Apparently I missed the memo. There is a long-standing argument going on regarding the true meaning of the term Science Fiction. Really? Is there any good reason to be concerned?

A read an article this week which seeks to parse out the true definition of the term and its competitors. Science Fiction vs. Hard Science Fiction vs. SciFi vs. SF vs. Speculative Fiction vs. Fantasy. Whew! I had no idea the concept was so complicated, but only because we’ve made it so ourselves.

I have some sympathy for the Hard Science Fiction argument, which is defined as stories based on actual science and theory. OK, but that certainly narrows the pool of qualified authors for novels of this genre, unless you happen to be a physicist or expert in quantum mechanics. In addition, it severely limits the type and content of stories, leaving us with limited (and rather boring) possibilities.

Let’s face it – our current scientific understanding does not allow for cool elements such as interstellar travel, shields, fancy weapons, teleportation, terraforming, visits to alien worlds, and all those other fun things Science Fiction is known for. If readers turn up their noses because a book isn’t labeled “correctly”, they cheat themselves out of a lot of wonderful imaginative fiction. Life is too short to be worrying about stuff like this.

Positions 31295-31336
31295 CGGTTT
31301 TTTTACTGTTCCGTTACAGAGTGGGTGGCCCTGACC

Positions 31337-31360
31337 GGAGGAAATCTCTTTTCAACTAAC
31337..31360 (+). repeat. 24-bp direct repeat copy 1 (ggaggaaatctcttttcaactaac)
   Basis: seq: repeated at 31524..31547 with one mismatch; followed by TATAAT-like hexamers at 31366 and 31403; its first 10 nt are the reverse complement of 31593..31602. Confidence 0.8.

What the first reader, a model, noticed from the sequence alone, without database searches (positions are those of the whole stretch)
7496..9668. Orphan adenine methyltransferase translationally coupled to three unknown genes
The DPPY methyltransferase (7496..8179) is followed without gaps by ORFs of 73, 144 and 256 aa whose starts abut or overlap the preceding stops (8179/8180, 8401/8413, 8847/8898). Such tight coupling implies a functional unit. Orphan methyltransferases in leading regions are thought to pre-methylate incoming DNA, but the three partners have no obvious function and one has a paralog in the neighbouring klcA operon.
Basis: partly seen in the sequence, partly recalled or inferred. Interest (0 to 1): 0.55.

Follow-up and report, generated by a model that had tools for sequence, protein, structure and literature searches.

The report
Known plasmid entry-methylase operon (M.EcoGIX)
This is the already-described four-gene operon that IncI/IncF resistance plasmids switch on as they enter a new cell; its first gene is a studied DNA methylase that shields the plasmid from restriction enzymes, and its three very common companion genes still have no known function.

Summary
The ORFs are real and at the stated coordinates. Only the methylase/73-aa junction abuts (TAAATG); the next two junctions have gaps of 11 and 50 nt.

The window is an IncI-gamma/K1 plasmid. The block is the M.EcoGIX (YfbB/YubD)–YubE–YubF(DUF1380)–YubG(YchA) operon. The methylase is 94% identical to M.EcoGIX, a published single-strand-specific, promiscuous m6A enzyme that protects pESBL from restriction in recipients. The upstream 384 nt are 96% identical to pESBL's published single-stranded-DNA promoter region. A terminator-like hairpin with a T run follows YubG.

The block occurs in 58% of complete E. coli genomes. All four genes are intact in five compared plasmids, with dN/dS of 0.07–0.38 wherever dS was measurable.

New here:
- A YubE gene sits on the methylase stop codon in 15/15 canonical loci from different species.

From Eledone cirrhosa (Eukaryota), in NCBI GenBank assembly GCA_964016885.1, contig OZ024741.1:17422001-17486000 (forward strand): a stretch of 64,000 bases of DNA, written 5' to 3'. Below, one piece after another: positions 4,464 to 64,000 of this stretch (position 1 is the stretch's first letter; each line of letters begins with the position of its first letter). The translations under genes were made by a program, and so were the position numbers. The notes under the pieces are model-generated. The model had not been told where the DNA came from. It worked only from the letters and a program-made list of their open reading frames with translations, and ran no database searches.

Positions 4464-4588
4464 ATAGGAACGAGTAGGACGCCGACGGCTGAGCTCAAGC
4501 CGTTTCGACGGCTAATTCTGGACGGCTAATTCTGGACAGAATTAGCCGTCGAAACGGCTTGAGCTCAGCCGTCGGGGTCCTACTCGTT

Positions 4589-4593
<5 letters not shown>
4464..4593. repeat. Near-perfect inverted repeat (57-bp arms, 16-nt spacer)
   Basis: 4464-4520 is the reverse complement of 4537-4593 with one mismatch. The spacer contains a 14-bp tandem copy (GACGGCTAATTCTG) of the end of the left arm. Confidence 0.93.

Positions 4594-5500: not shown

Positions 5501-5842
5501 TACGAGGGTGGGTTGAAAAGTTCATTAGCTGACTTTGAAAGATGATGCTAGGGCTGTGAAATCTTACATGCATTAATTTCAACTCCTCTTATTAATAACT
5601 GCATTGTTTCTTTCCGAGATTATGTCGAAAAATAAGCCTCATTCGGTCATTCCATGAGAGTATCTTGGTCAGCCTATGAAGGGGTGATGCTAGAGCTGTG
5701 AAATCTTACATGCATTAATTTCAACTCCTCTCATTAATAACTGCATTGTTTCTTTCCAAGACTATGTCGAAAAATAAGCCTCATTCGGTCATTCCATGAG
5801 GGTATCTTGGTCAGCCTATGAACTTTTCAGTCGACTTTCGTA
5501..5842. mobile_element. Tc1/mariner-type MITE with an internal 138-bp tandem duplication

I have no problem designating my books as Science Fiction, but if you want to call them SciFi, SF, speculative fiction or fantasy, feel free. I say forget the labels, hop on board, and boldly go where no one has gone before!

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  • Current manuscript – Traitor’s Moon is now in chapter six and I’m on the threshold of some really great action and drama! I can’t wait to see how it all turns out and then share it with my readers. Word count is 42,400+.
  • I heard about some family upset this week involving an unfortunate Facebook post by someone who should have known better. If you insist on sharing your views, make sure you aren’t offending the people closest to you. The whole world doesn’t need to know your opinion on every subject.
  • The move is getting closer each day and I will have to start using my writing time to pack and plan. Bummer! Originally, I was to move at the end of this month, but the Labor Day holiday got in the way and now it won’t happen until the end of September. If I could quit my job now and write all day, the book would be finished by then. (Hmmm…clearly an example of speculative fiction…)
  • August 14 marks my one-year anniversary as a published author! More on that next week.